Now a coalition of anti-violence activists are reaching out to community members and proposing solutions to stop the violence.
The latest outbreak of violence includes a fatal shooting near 116th Street and South Wallace.
Shots were fired at a known gang member driving in a car. The vehicle crashed into a porch, and the driver had a gunshot wound to the chest and was shot dead.
The incidents are prompting anti-violence organizations to step up and send a message to communities.
"Between the killings in Chicago, the school strike, Chicago is the epicenter of an urban crisis," said Rev. Jesse Jackson. "We need and deserve better"
The group UCAN held a workshop with local officials, including Chicago Police Superintendent Garry McCarthy showcasing their mentoring programs and initiatives they say really work to keep kids out of trouble, like Chase Larkin.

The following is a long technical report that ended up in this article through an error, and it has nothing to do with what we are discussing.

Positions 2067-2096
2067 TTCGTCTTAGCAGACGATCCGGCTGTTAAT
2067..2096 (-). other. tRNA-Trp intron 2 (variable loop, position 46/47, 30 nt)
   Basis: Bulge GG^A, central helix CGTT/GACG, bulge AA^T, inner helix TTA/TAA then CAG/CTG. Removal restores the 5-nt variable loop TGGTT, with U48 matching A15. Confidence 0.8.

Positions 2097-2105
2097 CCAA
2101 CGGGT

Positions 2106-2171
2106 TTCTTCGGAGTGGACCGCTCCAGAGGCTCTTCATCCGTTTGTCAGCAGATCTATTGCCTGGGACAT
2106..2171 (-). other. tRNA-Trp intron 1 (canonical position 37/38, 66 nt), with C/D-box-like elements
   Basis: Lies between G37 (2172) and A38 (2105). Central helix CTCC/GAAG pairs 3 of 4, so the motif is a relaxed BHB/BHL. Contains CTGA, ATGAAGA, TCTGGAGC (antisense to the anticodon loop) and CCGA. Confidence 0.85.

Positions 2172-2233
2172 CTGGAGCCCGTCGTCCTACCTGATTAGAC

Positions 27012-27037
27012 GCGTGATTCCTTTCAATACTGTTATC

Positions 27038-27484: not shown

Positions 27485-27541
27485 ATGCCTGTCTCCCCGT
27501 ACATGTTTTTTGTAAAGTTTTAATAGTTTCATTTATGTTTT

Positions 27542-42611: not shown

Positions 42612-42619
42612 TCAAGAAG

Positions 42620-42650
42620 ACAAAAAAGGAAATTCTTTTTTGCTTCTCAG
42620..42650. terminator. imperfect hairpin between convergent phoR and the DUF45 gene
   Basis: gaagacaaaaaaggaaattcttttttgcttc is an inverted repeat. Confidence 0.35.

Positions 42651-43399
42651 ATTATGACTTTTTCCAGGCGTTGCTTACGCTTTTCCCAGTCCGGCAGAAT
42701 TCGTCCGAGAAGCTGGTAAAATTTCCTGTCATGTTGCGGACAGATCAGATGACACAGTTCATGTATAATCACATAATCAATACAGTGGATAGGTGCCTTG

"After being in a program, seeing all of the African American males that were successful and talk about what they went through, it helped me change my way of thinking," Larkin said.
With a possible Chicago Public School teacher strike looming, some parents are worried their kids will have nothing to do but hit the streets and get into the wrong crowd. But Superintendent McCarthy says police are prepared.
"We have contingency plans in place, we've worked with CPS, we know exactly what they are going to be doing, we know exactly what we are going to be doing," McCarthy said.
Young people are also turning to social media sites like Facebook and YouTube, posting violent videos in hopes of rich and famous.
"A lot of young people are under the assumption that the more violent they become, and post violent videos they may end up getting a record deal," said Tio Hardiman, CeaseFire Illinois Director.
Leaders are urging parents to try and take a stand against violence.